These days, I find myself playing more and more Irish music on the show – more and more Irish songs that I adore. So much so that in planning this week’s show I’ve realised I won’t have any room for anything outside of Ireland (plus I’ll have an interview hopefully on the show too, with an Irish music-making and music-supplying person, all going to plan).
It’s a wonderful way to be, particularly as Sweet Oblivion is not an Irish-only show, and I try not to confine my playlists by location/gender/genre/etc. I try to be mindful and have some balance there, but it’s got to be something I really like or love (and/or think others will love) before I play it.
Here are two recent releases from Irish musicians that I’m particularly enjoying, and one from an Irish label. I love the atmosphere that they create, and I think you will too.
I’ve played tracks from Galway-based Jimmy Monaghan aka Seamus O Muineachain on the show consistently throughout the year (and was absolutely chuffed and surprised when he asked to use a photo I took on the cover of one of them). I got the first EP out of the blue, and hadn’t realised that Seamus was Jimmy of Music for Dead Birds, one of the many great bands to have released albums on the Rusted Rail label.
So I literally listened to it blind, so to speak, and was blown away. It was magical. Later, I met Jimmy while interviewing the equally prolific Tony Higgins – but I didn’t actually realise his identity as ‘Seamus’ until after the interview. “You’re HIM!?’ was my reaction when I found out.
Here’s his third EP, and as usual it is available for free download. While keeping the focus on the piano, Jimmy has added more musical flourishes to these tracks compared to the previous EPs – a scatter of cymbals, a rather yearning violin and a touch of electronics to add drama.
On the subject of bands who released on Rusted Rail, the next album to come from the micro-label, which is run by Keith Wallace, is ‘Soft Wounds’ by Songs of Green Pheasant. The delicate, double-tracked vocals and plaintive horns on opener Teen Wolf had me hooked from first listen.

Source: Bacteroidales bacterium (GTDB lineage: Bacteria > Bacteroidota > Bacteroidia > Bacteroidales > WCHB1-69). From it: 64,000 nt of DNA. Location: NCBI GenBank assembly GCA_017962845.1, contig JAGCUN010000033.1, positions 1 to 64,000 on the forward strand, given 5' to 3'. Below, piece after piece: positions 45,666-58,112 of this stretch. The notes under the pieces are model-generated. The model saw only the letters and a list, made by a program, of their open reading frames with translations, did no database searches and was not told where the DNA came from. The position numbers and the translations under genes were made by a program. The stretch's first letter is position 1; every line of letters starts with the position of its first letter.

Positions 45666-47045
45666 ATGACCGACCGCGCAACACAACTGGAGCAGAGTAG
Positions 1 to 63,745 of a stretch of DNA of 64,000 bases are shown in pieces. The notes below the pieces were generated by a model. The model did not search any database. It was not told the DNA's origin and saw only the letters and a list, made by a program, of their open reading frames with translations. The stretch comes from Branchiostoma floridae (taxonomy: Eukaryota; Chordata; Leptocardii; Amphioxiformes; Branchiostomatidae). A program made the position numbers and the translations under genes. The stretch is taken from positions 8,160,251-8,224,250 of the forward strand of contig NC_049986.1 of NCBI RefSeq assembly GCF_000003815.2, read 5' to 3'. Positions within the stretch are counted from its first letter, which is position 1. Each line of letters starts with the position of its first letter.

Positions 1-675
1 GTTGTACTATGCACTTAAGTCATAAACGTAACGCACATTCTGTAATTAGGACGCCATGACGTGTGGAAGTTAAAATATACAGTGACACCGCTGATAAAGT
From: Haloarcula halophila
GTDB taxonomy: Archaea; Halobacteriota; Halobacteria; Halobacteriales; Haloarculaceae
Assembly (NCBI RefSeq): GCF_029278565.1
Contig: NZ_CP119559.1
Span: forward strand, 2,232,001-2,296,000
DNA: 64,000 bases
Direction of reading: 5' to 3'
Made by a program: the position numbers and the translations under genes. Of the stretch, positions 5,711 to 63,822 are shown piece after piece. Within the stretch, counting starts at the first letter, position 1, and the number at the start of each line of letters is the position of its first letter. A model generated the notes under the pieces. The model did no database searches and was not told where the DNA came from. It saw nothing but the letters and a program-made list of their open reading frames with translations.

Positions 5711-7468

Made by Sheffield-based Duncan Sumpner, this is the 4- and 8-tracked album of your dreams, if you love nothing better than sinking into an aural bed of softly-sung, lo-fi, feathery goodness. It’s pop, in the most understated sort of sense. If the B-section of your record shelves contains Bedhead, Beirut, and Belle and Sebastian, you’ll want Soft Wounds to do your ears some subtle damage.
Keeping with releases that are perfect for grey winter nights in, the Band of Clouds album is another one for you sensitive types. When you’re listening to this, close your eyes and pretend that John Haggis and friends have gathered in your home to play you these songs. The lights are dimmed, the turf fire is blazing, and outside there’s a storm a-gatherin’.
Outside Broadcast is the perfect companion to Songs of Green Pheasant and Seamus O Muineachain, because there is a similar energy running through it, one that you can feel in the pit of your stomach. It’s perfect winter listening because, just like the other releases, it has a smudge of mournfulness on it, a sadness that’s simmering beneath.
It’s no surprise, really, given its genesis:
John Haggis pieced this long player together while he was recovering from an operation which helped him to walk again. No longer able to play music live with his friends, hiding away and making this album became a music therapy of sorts.
The album was made by John, who’s from Granny It’s Ok To Experiment studio in Waterford, and features a host of acts including Katie Kim and Deaf Joe.
It’s just 7 euro to download the digital version of Outside Broadcast, or 10 euro for the CD/vinyl.
Happy listening! Let me know if you enjoy any or all of the above releases.
I’ll be playing tracks from all of these on Sweet Oblivion this Thursday at 5pm, on RTE 2XM.